William Mager: A tribute to Terry Riley, Deaf broadcasting pioneer

Posted on June 3, 2014



At the end of this month, Terry Riley celebrates two personal milestones. He will receive his OBE from the Queen for services to Deaf Broadcasting and Campaigning. He’s also stepping down as Chief Executive of the British Sign Language Broadcasting Trust.

In his 30 year career in deaf television as a researcher, director, producer, series editor and chief executive, Terry’s achieved a lot. He’s always had a strong vision of what Deaf broadcasting should be, and could be in the future – made by Deaf people for Deaf people, and true to the heart of the Deaf community.

I’ve known Terry since I started working as a researcher for See Hear over ten years ago, and we’ve remained in contact, even as I became the Series Producer on See Hear last year. I was also one of several people who took part in the BSLBT Editorial scheme last year and observed their commissioning process from start to finish.

Making that recent step up and getting that insight into the BSLBT’s inner workings helped me to understand a bit more about the decisions Terry had to make, the pressures he might have been under, and the various reasons why it’s not always possible to take the most obvious course of action.

I also realise now how much of a pain I was to work with when I was young and thought I had all the answers – and Terry was my boss. I was always challenging him, questioning his choices and generally making his life difficult. It got to a stage where he had to drag me to the White City canteen and tell me – in no uncertain terms, and in pretty colourful language – to stop undermining him.

Terry as a boy

Terry as a boy

Earlier this year, I filmed an interview with him two days before he was supposed to be going into hospital for a major operation – for cancer of the pancreas and spleen. They’d caught it early, so his chances of survival were good. But at his age, there weren’t any guarantees. He was in a more reflective mood than usual as I pressed the record button.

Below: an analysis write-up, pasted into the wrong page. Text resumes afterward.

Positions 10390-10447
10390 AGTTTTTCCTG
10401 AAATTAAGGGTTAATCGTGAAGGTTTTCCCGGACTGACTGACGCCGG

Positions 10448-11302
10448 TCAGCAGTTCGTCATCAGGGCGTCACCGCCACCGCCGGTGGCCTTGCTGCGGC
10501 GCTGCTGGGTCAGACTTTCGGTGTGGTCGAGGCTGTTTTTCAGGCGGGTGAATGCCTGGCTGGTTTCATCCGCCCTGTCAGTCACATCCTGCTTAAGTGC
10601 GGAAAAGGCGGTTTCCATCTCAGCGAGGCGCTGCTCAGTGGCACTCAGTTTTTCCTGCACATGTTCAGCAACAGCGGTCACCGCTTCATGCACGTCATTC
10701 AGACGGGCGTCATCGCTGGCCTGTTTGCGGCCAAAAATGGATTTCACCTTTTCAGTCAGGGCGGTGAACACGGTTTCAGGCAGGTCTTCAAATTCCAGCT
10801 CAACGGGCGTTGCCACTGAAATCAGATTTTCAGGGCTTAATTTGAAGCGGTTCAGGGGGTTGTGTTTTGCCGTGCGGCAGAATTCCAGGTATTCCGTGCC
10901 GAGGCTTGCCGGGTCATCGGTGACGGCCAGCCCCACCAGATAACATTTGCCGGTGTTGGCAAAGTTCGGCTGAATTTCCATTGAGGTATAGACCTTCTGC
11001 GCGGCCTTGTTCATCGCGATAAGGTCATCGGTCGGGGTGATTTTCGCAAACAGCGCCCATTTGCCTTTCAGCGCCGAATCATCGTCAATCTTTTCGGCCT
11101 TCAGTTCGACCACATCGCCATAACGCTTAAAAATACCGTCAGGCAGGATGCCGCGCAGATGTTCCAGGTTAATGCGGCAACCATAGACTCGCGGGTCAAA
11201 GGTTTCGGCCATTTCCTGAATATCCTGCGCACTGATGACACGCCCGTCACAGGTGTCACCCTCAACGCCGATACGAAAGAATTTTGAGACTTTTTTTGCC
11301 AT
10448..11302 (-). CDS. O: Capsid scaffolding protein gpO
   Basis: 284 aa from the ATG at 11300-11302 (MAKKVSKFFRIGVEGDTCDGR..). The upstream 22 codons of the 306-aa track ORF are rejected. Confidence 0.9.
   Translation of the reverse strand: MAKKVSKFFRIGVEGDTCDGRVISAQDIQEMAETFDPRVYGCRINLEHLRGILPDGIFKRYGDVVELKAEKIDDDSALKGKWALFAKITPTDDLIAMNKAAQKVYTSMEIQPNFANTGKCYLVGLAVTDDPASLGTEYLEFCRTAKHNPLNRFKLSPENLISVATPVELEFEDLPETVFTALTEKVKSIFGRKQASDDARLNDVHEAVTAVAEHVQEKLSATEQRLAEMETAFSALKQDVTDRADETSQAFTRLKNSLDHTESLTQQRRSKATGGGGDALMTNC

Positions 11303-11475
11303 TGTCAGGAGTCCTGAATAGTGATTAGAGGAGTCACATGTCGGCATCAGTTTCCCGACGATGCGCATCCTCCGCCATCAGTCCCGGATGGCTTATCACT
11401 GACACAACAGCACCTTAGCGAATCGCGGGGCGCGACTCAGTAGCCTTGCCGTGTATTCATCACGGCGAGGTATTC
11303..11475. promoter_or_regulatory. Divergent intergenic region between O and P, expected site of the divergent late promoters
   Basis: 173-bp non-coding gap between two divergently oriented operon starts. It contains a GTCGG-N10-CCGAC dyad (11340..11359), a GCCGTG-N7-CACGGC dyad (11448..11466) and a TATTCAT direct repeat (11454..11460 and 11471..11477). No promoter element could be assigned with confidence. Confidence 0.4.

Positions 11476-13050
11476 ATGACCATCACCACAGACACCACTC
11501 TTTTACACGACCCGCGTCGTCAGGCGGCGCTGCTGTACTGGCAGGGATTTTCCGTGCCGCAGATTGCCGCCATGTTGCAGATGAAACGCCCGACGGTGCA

The interview we filmed covered most of his life – losing his hearing after an operation, growing up in a deaf club, working as an employee of the gas board, becoming an activist with the BDA, changing career after 17 years to work for the BBC… and looking at the hardships and challenges he’d been through on that journey.

He was born mostly hearing to deaf parents in Manchester but lost a lot of his hearing when he was six weeks old. The Deaf club was his second home, and his own home was the location of many deaf club after parties, with him stepping over sleeping bodies of deaf people the morning after.

Terry had mastoiditis, a middle ear infection which spreads to the mastoid bones of the ear, causing damage. He had his first operation at six weeks, again at six years old, then again in his teens. This last operation affected his balance so badly that he was signed off his job as a grocer’s boy for two years. They operated again on his other ear which restored his balance, leaving him completely deaf in one ear and with some residual hearing in the other.

Terry when he worked for the gas board

Terry when he worked for the gas board

He started working for the gas board, checking meters at various houses and cutting off the gas supply if they hadn’t paid their bills. At the same time as this ordinary day job, Terry was becoming more and more active as a campaigner for the British Deaf Association in the North West.

Terry worked for the gas board for a long time. When he started the job, the gas was paid for in shillings and sixpences. They were using pound coins by the time he went out on his last house call. When he was held hostage for eight hours by a drugged up maniac with a screwdriver, he decided enough was enough.

He saw a job was being advertised at See Hear for a new researcher. He decided to apply. With the support of Doug Alker, he got in – and the next 15 years he rose from researcher, to director, to producer and finally to Series Editor – the first deaf person to hold that post.

Sadly, not long after Terry became editor, tragedy struck his family. One night, his son Robert never returned home. His scooter had swerved off the road, hitting a tree and killing him instantly.

Terry with his son Robert

Terry with his son Robert

His daughter Bernadette still gets emotional when she remembers how it affected her father. “I think he’s been strong for the family. You don’t see him crying a lot, my dad, but… you can see it in his face.”